Vitiligo Patients Have Significantly Higher Health Care Costs

Patients with vitiligo have significantly higher health care costs and health care resource utilization (HCRU), according to a study recently published in the Journal of Investigative Dermatology.

Khaled Ezzedine, M.D., from Henri Mondor University Hospital in Créteil, France, and colleagues conducted a retrospective cohort analysis to examine health care costs and HCRU among U.S. patients with vitiligo, focusing on direct costs. Between January 2007 and December 2021, patients with vitiligo were matched to controls in a 1:2 ratio (49,512 and 99,024 individuals, respectively).

Vitiligo is more common in other races but tends to be more visible on Black and multiracial skin tones.

The researchers found that compared with controls, patients with vitiligo had significantly higher all-cause ($15,551 versus $7,735) and vitiligo-related ($3,490 versus $54) costs. Patients with vitiligo also had significantly higher all-cause and mental health-related HCRU. Patients on treatments with systemic effects/mental health diagnoses also had significantly higher differences in all-cause and vitiligo-related health care costs compared with controls.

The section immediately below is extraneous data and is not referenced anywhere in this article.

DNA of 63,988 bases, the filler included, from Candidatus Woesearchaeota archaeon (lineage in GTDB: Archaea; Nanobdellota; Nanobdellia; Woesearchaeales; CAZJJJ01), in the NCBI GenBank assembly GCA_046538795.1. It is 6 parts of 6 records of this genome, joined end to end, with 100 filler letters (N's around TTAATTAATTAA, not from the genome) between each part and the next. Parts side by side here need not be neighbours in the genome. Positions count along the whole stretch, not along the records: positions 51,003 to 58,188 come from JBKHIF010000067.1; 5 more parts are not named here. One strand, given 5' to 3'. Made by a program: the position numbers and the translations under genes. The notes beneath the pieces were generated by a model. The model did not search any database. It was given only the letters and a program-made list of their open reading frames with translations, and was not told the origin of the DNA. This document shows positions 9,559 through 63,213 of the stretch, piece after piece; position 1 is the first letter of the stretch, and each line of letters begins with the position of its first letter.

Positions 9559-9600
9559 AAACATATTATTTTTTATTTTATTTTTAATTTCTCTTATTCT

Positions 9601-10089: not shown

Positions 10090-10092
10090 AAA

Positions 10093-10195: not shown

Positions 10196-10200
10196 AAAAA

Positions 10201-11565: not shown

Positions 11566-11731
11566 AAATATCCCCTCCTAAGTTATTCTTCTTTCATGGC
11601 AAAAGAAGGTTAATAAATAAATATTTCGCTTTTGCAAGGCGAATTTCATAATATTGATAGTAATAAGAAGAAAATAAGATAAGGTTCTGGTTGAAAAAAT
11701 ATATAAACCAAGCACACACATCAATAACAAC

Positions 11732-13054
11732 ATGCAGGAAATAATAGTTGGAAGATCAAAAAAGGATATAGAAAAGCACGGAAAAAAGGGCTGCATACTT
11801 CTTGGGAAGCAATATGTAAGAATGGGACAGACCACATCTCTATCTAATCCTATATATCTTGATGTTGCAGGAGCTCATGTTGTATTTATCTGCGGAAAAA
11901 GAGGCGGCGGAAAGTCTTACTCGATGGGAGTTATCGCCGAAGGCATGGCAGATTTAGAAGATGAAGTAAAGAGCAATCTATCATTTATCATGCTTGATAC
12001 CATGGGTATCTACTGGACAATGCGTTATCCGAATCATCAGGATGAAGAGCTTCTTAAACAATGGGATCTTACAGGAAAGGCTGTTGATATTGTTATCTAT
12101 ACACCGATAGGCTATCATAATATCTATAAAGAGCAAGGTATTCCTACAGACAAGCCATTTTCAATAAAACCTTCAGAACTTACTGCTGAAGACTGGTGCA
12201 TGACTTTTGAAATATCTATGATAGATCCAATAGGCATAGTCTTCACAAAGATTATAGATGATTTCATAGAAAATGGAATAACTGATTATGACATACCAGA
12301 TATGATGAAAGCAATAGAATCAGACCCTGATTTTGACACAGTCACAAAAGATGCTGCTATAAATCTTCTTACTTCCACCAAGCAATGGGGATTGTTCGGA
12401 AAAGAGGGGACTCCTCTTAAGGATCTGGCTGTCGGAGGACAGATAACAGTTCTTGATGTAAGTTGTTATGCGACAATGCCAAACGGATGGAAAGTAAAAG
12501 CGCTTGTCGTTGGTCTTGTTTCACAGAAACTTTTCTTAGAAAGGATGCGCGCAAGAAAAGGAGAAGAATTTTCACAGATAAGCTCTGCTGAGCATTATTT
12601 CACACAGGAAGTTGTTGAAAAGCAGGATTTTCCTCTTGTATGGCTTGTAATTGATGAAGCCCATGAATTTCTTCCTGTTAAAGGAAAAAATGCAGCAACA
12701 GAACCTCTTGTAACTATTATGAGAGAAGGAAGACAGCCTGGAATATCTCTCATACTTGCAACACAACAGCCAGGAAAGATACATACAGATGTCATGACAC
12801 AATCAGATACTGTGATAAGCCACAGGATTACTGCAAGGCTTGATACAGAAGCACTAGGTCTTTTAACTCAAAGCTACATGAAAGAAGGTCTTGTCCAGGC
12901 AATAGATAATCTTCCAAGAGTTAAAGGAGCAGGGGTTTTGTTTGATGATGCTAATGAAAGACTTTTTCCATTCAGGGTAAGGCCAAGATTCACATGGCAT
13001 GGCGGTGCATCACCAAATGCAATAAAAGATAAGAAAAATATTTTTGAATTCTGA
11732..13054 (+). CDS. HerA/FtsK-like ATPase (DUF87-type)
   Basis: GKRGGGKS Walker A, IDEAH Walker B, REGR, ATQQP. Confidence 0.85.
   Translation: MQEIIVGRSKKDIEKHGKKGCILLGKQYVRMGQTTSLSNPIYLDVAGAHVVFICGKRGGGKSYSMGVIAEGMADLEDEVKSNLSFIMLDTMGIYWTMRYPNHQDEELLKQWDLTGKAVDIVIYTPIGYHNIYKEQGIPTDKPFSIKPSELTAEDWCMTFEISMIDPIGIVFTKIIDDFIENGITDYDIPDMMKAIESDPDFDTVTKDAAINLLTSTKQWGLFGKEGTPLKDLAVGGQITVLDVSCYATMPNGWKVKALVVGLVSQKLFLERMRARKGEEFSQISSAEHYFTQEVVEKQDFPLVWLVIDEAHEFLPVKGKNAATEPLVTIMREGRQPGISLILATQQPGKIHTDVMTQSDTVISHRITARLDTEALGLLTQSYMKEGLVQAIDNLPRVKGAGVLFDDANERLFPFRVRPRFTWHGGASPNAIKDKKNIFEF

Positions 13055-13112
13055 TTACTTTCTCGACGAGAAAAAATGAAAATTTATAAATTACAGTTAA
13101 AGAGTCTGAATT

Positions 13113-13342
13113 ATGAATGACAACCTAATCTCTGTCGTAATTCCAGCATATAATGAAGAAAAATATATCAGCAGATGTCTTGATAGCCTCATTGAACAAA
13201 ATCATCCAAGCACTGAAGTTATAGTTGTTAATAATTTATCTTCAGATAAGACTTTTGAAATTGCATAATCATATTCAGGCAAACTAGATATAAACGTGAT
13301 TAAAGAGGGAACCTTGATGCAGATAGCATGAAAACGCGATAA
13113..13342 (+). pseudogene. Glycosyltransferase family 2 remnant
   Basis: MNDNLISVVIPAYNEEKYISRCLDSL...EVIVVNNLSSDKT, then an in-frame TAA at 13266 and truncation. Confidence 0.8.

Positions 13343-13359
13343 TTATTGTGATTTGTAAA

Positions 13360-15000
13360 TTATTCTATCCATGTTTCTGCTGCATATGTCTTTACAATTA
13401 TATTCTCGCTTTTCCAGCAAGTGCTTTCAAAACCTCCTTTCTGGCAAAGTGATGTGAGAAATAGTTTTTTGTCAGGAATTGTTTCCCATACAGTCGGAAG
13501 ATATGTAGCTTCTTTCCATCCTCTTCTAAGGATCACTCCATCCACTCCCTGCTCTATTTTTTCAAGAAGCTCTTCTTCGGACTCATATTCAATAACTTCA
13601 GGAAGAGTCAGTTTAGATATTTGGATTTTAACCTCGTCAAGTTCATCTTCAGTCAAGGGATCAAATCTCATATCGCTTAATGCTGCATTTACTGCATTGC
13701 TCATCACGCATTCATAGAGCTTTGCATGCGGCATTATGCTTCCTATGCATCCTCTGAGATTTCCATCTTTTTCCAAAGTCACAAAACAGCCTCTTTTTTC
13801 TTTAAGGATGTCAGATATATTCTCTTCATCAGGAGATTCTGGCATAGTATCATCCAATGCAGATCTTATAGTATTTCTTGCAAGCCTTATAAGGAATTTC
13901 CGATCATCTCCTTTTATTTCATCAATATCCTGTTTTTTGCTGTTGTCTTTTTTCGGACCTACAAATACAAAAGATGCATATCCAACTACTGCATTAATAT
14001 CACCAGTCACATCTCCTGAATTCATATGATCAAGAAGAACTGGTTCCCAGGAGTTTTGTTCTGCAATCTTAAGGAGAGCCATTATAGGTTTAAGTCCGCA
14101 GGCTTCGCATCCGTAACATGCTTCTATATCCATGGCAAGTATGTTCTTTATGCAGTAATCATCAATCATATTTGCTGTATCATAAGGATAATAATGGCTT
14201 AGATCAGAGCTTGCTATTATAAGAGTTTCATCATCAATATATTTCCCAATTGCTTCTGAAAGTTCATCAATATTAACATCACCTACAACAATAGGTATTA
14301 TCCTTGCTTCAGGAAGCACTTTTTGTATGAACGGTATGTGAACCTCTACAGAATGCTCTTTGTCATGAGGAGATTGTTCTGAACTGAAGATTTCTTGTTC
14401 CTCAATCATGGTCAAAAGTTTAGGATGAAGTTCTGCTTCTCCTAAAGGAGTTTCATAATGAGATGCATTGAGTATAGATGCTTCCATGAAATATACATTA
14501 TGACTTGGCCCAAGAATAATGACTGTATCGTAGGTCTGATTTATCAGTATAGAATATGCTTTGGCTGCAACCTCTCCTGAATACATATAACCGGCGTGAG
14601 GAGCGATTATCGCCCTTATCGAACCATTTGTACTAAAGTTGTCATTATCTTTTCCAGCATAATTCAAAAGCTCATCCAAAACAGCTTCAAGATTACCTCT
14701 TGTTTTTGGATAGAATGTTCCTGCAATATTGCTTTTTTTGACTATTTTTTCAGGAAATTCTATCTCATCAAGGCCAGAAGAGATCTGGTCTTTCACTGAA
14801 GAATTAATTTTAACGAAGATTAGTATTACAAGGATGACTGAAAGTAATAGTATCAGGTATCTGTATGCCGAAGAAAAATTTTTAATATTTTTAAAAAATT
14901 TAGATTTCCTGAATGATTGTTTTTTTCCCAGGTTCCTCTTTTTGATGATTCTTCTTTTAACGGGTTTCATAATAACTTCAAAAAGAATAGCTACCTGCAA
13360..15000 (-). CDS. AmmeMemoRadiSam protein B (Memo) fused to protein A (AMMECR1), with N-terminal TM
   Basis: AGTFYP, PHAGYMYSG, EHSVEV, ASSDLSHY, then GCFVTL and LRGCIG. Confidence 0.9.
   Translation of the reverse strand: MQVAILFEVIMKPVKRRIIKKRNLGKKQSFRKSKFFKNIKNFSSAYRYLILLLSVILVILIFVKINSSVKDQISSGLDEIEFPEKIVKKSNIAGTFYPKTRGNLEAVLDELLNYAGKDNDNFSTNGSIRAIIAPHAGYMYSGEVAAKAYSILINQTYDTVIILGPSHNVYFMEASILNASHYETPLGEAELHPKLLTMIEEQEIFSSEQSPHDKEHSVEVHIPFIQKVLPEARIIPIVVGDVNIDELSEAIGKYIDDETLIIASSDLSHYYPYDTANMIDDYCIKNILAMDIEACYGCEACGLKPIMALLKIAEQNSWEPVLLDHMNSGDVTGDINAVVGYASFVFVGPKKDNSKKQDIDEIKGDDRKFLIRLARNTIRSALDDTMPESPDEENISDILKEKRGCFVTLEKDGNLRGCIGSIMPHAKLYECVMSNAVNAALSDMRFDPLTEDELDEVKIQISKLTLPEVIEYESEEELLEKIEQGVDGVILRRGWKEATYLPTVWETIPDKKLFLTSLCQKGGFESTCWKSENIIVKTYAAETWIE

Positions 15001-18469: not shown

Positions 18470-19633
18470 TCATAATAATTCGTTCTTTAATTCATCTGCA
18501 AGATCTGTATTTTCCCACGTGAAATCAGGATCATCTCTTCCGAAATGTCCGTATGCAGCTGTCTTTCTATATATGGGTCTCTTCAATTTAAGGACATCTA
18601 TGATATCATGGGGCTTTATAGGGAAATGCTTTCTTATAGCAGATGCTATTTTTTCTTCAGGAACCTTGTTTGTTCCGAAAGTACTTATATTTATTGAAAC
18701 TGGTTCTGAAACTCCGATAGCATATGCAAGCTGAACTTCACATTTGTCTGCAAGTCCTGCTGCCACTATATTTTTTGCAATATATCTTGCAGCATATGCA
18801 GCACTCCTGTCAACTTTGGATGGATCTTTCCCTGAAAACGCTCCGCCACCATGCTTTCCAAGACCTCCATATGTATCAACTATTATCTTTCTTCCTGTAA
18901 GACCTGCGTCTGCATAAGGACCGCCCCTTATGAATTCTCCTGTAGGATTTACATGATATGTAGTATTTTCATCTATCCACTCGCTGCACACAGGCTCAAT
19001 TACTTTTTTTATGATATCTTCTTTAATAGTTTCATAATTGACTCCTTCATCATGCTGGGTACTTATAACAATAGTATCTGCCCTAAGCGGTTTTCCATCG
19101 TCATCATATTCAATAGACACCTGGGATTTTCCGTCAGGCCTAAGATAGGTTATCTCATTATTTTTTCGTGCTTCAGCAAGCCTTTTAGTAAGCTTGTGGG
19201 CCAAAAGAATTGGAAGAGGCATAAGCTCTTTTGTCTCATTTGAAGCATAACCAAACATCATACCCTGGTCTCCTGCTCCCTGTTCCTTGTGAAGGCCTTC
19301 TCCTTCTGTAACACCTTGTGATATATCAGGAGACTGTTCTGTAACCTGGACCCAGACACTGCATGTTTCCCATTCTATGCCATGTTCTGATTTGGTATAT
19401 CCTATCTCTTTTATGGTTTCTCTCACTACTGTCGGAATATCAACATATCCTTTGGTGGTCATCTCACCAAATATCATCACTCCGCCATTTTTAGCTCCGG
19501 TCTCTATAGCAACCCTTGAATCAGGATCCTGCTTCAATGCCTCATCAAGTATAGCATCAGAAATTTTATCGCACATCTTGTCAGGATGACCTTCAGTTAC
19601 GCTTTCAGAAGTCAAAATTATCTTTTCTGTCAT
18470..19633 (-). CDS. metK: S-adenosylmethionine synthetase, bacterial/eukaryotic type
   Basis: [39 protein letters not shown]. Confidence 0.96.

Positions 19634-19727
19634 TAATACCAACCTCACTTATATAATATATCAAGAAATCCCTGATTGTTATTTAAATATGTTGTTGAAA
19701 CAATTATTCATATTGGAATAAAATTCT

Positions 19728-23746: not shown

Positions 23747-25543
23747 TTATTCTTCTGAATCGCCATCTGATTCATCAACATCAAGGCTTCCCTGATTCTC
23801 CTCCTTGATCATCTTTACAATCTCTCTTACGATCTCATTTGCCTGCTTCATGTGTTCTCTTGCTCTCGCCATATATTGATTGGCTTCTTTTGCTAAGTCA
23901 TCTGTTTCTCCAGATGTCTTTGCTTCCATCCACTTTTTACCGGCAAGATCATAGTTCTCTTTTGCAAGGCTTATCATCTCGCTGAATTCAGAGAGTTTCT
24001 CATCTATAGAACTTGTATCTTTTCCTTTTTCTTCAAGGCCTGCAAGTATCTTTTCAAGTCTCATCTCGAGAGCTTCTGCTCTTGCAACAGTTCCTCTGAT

“The economic burden was markedly higher for patients receiving a treatment with systemic effects or with new mental health diagnoses than for the total vitiligo population,” the authors write. “These findings reveal an unmet need for cost-effective treatments and highlight the importance of fully identifying the drivers of economic burden for patients with vitiligo.”

Several authors disclosed ties to pharmaceutical companies, including AbbVie, which funded the study.

Abstract/Full Text

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